Can traveling to visit family or friends increase my chances of getting and spreading COVID-19?
Yes. CDC recommends delaying travel until you are fully vaccinated, because travel increases your chance of getting and spreading COVID-19. If you are not fully vaccinated and must travel, follow CDC’s Domestic Travel or International Travel recommendations for unvaccinated people.
Am I immune if I have had COVID-19?
Health experts don’t know whether we really become immune to COVID-19 after we’re infected. And if we do have immunity, we don’t know how long it might last. Thus far, there have been only a few incidents of confirmed re-infections.
Could headache be a symptom of COVID-19?
Most people infected with SARS-CoV-2 virus will have no or mild to moderate symptoms associated with the brain or nervous system. However, most hospitalized patients do have symptoms related to the brain or nervous system, most commonly including muscle aches, headaches, dizziness, and altered taste and smell.
Can the coronavirus disease spread through food?
There is no evidence that people can get COVID-19 from eating food. However, sharing utensils and congregating around food service areas may present risks. If food is offered at any meeting or event, have individual, pre-packaged boxes or bags instead of a potluck, buffet, or family-style meal.
How long should I stay home if I’ve been in close contact with someone with COVID-19?
Anyone who has had close contact with someone with COVID-19 should stay home for 14 days after their last exposure to that person. The best way to protect yourself and others is to stay home for 14 days if you think you’ve been exposed to someone who has COVID-19.
Am I high risk for COVID-19 if I have liver problems?
Older adults and people of any age who have serious underlying medical conditions, including people with liver disease, might be at higher risk for severe illness from COVID-19. People with chronic liver disease, including hepatitis B and hepatitis C, may have concerns and questions related to their risk.
Should asymptomatic persons also quarantine if someone at school tested positive for COVID-19?
Asymptomatic individuals who have had close contact with someone with COVID-19 should also quarantine for 14 days from the last contact with an infected person. To best protect the student and others, have the student stay home for the full 14 days. Check your local health department’s website for information about options in your area to possibly shorten this quarantine period.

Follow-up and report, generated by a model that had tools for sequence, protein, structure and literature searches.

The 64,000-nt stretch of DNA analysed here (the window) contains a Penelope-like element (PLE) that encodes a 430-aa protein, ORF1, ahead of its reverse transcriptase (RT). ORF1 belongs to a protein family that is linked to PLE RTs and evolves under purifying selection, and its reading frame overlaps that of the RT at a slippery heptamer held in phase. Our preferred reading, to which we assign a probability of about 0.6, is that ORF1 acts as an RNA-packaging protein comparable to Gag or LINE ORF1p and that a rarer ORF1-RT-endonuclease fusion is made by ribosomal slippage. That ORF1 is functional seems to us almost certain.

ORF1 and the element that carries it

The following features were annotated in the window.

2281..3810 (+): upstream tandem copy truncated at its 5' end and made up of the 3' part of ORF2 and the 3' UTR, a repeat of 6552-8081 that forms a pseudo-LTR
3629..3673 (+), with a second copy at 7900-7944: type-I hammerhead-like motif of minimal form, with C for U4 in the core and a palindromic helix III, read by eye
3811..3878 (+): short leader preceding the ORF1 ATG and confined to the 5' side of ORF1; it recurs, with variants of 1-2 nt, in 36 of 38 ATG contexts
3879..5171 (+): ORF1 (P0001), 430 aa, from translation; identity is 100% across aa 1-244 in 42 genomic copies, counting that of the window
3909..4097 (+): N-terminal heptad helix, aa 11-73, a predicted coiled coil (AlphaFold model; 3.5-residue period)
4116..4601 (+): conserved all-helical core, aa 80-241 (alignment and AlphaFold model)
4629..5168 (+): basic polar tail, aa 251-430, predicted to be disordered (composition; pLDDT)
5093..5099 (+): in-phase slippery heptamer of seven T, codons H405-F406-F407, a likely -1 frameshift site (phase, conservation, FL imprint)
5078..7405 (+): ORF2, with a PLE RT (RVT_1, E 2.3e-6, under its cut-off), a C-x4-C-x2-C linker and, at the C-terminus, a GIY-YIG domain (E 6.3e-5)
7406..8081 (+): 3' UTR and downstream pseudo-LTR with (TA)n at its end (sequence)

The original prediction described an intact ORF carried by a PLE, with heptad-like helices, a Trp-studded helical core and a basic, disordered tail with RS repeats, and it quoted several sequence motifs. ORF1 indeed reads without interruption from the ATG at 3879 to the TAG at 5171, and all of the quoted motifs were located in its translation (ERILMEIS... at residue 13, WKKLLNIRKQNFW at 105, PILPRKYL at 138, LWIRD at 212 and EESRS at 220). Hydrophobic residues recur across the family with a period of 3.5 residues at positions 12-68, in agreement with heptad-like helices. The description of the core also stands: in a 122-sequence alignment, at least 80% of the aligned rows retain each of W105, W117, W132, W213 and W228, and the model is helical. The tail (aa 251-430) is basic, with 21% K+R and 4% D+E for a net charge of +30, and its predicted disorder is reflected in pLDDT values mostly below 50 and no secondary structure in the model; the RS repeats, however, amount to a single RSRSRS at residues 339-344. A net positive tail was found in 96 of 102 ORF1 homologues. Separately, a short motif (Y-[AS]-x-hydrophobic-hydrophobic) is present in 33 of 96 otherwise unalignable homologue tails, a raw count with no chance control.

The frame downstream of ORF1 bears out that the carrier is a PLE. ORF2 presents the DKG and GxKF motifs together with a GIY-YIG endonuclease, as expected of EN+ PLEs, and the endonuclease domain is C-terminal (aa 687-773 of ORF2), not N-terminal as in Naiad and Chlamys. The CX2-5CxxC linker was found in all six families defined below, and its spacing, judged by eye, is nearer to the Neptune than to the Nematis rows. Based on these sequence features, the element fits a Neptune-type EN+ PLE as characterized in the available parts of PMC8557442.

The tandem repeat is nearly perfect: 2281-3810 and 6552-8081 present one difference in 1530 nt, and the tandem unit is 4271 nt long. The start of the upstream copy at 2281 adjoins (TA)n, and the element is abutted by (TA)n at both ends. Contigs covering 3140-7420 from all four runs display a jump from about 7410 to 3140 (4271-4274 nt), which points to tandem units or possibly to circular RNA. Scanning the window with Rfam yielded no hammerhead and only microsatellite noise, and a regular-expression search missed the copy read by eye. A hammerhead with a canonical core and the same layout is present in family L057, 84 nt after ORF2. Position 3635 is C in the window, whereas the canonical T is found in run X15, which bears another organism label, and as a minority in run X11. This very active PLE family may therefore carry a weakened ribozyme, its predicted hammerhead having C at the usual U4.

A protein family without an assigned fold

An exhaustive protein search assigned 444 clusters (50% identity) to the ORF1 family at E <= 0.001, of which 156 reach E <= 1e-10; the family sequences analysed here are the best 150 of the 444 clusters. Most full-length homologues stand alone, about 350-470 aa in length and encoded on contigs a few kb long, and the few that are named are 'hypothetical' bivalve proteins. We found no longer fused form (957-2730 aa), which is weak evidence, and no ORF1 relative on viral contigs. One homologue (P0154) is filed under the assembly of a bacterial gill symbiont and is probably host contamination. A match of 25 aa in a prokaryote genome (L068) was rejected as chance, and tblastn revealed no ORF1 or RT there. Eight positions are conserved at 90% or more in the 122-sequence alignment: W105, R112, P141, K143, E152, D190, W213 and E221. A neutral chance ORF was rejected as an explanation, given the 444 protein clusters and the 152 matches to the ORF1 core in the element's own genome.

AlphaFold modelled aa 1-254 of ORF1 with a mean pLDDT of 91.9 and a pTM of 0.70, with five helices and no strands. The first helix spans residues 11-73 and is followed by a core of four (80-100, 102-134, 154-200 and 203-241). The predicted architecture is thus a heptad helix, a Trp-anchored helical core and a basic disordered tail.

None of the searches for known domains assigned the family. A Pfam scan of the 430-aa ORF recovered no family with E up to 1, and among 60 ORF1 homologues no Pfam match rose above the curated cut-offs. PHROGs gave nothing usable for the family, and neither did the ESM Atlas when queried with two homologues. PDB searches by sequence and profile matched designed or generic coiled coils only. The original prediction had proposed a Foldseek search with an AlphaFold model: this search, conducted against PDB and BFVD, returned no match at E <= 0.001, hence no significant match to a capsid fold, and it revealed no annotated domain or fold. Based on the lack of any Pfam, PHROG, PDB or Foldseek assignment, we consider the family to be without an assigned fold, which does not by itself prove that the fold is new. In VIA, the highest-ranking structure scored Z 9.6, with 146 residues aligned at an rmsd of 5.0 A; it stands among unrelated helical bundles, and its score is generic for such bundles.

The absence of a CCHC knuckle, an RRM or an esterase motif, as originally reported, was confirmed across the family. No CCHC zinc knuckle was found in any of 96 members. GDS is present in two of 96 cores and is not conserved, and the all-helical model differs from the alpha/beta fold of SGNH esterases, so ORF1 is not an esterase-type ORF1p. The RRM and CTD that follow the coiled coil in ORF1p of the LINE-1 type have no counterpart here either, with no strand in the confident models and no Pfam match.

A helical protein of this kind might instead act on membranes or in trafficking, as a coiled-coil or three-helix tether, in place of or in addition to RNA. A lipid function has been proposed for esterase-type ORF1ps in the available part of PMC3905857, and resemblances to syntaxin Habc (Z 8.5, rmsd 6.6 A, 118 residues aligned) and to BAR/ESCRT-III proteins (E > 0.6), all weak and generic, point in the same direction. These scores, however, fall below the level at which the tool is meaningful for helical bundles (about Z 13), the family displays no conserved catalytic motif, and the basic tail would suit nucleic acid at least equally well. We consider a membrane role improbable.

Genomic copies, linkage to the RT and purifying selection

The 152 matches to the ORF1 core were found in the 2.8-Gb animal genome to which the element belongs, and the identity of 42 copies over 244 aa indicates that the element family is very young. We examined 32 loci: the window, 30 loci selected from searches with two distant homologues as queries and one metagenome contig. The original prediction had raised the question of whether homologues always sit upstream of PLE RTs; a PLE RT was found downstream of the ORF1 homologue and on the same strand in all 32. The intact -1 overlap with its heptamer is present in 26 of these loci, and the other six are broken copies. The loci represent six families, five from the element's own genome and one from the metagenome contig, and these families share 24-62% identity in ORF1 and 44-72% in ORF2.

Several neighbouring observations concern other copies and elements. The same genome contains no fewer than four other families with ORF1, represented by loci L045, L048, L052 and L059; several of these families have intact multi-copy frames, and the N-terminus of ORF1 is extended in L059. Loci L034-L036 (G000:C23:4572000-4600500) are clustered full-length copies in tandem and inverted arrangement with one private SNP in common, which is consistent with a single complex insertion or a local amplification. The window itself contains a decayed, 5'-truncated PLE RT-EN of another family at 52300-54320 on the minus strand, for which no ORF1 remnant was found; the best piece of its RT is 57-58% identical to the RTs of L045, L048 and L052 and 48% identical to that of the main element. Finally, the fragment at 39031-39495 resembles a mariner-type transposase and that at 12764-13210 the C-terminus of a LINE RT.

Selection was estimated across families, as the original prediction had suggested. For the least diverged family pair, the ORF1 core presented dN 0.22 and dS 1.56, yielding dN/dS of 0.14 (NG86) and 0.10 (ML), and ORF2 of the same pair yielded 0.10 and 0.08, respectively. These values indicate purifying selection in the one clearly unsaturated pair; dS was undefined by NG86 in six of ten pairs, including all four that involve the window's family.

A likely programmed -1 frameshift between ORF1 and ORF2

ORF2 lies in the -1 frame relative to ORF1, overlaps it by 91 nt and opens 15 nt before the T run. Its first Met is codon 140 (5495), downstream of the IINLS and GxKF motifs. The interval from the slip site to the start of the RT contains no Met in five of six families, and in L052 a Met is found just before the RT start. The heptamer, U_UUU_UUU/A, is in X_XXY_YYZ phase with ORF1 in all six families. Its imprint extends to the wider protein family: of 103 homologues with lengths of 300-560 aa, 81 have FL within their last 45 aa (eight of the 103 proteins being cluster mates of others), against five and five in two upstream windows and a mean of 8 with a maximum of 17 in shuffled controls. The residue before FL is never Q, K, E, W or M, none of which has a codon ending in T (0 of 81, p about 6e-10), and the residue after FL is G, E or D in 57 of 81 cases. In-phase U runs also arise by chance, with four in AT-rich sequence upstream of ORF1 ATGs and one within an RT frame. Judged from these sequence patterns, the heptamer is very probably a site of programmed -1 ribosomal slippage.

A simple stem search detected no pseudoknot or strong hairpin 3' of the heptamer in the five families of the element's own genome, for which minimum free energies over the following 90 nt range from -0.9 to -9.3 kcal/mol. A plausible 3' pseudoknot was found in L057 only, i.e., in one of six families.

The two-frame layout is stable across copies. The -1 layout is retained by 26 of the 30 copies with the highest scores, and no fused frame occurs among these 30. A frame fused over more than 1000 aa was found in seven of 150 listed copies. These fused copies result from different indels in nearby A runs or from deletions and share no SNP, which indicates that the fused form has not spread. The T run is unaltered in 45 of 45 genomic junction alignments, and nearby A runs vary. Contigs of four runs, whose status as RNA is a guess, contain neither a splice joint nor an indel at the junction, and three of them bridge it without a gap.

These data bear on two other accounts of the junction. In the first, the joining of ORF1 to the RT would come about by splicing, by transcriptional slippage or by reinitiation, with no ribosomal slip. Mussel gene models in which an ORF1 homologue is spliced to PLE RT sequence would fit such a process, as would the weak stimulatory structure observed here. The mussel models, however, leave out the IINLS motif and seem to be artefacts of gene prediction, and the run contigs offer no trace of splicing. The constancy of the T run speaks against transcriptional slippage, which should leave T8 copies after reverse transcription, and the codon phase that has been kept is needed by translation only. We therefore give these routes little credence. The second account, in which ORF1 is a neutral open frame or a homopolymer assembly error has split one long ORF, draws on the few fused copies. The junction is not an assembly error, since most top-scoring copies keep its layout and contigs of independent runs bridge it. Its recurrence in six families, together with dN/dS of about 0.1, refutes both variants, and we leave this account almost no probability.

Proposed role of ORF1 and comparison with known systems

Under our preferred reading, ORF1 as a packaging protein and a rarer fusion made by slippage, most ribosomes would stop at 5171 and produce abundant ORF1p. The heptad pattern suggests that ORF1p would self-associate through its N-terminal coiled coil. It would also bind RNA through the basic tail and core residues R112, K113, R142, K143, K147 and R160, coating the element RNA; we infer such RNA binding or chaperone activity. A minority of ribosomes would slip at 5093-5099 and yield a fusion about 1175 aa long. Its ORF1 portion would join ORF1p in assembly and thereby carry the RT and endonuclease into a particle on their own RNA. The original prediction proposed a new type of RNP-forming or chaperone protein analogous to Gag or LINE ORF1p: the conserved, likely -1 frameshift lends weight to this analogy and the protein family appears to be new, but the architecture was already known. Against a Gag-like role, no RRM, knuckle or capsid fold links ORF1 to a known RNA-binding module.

Who is at risk for severe COVID-19?
COVID-19 is a new disease and CDC is learning more about it every day. Among adults, the risk for severe illness from COVID-19 increases with age, with older adults at highest risk. Severe illness means that the person with COVID-19 may require hospitalization, intensive care, or a ventilator to help them breathe, or they may even die. People of any age with certain underlying medical conditions (which now include pregnancy) are also at increased risk for severe illness from SARS-CoV-2 infection.
What should I do if I have been exposed to COVID-19?
So if people think they’ve been exposed to COVID-19, they should quarantine, connect with a healthcare professional to map out a plan for when to get tested or take other steps to address their health, and monitor for symptoms.
Do fully vaccinated people need to quarantine when exposed to COVID-19?
Most fully vaccinated people with no COVID-like symptoms do not need to quarantine, be restricted from work, or be tested following an exposure to someone with suspected or confirmed COVID-19, as their risk of infection is low.
Do healthy adults under age 65 need to worry about COVID-19?
Yes, they do. Although the risk of serious illness or death from COVID-19 increases steadily with age, younger people can get sick enough from the disease to require hospitalization. And certain underlying medical conditions may increase the risk of serious COVID-19 for individuals of any age.